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Examination of Urine

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Normal urine color ranges from pale yellow to deep amber the ... Ketones are excreted when the body metabolizes fats incompletely (ketonuria) Specific Gravity ... – PowerPoint PPT presentation

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Title: Examination of Urine


1
Examination of Urine
  • Terry Kotrla, MS, MT(ASCP)
  • Professor
  • Austin Community College

2
Urine Color
  • Normal urine color ranges from pale yellow to
    deep amber the result of a pigment called
    urochrome
  • B vitamins turn urine an eye-popping neon yellow
    BUT may also indicate liver disease.
  • porphyria, a disease that affects your skin and
    nervous system, turns urine the color of port
    wine.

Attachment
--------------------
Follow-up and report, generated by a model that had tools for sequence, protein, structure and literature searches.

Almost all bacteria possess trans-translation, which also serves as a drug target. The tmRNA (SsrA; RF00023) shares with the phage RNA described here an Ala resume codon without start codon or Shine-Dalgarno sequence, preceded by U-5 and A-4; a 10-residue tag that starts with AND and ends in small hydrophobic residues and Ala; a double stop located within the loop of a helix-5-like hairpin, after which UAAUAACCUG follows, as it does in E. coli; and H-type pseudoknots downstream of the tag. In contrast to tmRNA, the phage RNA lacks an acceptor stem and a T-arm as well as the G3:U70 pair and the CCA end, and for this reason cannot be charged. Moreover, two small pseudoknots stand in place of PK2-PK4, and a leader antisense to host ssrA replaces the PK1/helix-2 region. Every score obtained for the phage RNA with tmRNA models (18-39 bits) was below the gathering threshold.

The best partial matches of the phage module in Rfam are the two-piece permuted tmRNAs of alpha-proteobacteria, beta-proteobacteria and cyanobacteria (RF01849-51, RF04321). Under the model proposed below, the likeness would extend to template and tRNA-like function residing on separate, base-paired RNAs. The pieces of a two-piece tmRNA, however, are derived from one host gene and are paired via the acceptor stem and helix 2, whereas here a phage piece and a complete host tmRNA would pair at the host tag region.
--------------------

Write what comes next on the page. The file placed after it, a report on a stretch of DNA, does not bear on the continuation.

3
Urine Color
  • Most changes in urine color are harmless and
    temporary and may be due to
  • Certain foods beets may turn urine red
  • Dyes in foods/drinks
  • Supplements vitamins
  • Prescription drugs
  • Unusual urine color can indicate an infection or
    serious illness .

4
Suggested Colors
  • pale yellow (straw)
  • light yellow
  • yellow
  • green-yellow (olive)
  • red-yellow
  • red
  • red-brown
  • brown-black
  • black
  • milky

5
Examples of Urine Color
6
Urine Clarity
  • During the visual inspection, the MLT observes
    the urine's and determines how clear it is (its
    clarity).
  • Urine clarity refers to how clear the urine is.
  • Terms used clear, slightly cloudy, cloudy, or
    turbid.
  • Normal urine can be clear or cloudy.
  • The clarity of the urine is not as important as
    the substance that is causing the urine to be